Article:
>> represent undesirable time commitments. It's unclear if that's "5
>> minutes more" or "5 hours more", and so your help in breaking
>> down how much time it takes for the following would be greatly
>> useful, as it will help prioritize what is most important to
>> resolve. I suspect these can become priorities for the
>> Infrastructure WG.
>> 1) Merge a single Ballot into GitHub
> This greatly depends on whether the ballot proposer has used the
> documented and recommended (not yet normative/required) process,
> using GitHub to create a redline. Even with GitHub, I've seen
> different "flavors" of redlines, for example with and without pull
> requests, making it somewhat challenging to find the right steps
> to create a cabforum/documents branch that will also create the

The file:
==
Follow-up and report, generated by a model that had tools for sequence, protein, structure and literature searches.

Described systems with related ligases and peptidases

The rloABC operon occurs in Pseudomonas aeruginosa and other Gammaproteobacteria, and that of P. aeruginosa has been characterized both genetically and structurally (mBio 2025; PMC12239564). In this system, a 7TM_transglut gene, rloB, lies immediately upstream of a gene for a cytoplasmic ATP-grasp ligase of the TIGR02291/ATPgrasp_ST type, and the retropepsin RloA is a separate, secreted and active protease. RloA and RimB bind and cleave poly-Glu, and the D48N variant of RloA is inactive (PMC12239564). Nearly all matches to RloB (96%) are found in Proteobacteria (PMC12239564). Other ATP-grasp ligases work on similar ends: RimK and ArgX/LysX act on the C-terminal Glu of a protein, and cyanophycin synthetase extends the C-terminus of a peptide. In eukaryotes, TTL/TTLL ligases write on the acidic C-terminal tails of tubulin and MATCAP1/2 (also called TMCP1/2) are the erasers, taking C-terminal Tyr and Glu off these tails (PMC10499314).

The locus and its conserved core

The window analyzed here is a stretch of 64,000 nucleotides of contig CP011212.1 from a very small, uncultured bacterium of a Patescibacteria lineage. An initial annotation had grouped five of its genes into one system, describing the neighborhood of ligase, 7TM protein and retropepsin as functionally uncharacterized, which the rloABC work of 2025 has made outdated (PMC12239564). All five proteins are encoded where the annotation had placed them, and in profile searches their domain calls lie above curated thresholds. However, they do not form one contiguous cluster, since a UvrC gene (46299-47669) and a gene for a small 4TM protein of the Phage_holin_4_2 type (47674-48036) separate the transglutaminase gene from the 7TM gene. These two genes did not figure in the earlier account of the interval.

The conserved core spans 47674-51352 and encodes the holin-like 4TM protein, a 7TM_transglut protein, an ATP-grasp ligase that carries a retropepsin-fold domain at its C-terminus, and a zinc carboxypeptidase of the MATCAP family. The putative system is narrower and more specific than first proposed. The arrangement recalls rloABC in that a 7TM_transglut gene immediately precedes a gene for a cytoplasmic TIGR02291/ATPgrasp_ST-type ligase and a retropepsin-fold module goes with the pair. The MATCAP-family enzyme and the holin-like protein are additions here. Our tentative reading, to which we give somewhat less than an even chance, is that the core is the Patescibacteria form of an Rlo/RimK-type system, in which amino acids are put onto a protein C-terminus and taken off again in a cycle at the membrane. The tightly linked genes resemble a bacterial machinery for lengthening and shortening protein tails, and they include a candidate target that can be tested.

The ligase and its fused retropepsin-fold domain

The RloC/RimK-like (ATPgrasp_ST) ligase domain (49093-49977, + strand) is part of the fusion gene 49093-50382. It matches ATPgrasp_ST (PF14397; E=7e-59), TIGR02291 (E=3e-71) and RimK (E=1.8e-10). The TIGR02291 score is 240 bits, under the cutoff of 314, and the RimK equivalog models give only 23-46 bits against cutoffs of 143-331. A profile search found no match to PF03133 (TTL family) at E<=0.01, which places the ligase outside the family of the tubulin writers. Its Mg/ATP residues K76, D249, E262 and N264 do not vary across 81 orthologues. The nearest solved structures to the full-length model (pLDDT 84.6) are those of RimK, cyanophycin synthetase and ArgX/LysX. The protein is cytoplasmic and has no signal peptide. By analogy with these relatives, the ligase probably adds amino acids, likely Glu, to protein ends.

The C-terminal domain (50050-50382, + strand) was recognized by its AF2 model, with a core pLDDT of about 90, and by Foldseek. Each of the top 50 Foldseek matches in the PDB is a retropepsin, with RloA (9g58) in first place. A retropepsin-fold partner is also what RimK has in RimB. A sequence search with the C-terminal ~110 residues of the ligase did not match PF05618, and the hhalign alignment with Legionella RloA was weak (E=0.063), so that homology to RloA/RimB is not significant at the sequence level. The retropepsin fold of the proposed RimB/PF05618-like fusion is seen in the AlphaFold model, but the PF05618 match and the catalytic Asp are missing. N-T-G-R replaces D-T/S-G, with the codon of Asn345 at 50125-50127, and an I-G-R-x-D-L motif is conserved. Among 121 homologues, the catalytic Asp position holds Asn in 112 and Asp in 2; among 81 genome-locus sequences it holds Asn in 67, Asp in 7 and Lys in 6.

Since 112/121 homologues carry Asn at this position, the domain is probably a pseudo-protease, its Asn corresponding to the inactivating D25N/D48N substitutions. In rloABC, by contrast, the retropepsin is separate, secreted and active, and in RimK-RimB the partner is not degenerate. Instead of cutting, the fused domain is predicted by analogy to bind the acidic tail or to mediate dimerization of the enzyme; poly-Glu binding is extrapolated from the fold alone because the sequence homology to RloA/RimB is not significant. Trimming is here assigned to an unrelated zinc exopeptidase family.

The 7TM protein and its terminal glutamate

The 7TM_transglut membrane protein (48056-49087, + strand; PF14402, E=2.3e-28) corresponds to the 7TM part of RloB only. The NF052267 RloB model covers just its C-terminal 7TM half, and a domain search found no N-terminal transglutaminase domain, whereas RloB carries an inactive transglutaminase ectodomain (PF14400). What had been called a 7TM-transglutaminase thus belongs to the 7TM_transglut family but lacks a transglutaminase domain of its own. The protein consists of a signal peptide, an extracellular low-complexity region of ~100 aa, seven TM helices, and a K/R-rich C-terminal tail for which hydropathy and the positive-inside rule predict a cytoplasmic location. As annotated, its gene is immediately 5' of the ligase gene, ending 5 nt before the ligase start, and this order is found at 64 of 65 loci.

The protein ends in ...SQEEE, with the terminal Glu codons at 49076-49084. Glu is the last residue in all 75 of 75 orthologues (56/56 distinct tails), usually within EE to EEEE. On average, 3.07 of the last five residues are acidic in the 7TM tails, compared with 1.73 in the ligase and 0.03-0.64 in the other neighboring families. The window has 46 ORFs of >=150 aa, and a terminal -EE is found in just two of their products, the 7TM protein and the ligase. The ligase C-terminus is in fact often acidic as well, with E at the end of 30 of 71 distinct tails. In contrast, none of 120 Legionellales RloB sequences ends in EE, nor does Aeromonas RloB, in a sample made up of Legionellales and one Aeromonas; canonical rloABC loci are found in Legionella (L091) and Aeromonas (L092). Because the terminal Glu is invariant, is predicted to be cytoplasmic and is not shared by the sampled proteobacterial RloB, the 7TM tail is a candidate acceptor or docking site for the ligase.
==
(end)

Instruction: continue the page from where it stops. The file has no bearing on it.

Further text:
> artifacts (docx document) from which I can create the redline.
> If we are talking about the Baseline Requirements. this process
> takes between 15 minutes to 1,5 hours in the more weird cases. For
> the other Guidelines, it takes between 30 minutes to 1 hour.
> Thanks! What I take from this is that one of the steps to improve can
> be to front-load some of this (e.g. the creation of PRs earlier, the
> creation of GitHub branches that match balloted text). These are
> things that I think any of us can do, and sounds like it would help
>> 2) Produce a Final Guideline and a Redlined Version
> Once I have the review period redline ready, it usually takes
> between 30 minutes to 1 hour to create the final documents, upload
> them to the wiki (the word versions), produce the final PDF
> versions and upload them to the public web site.
> Wow! I wouldn't have expected this to be more than 5 minutes, so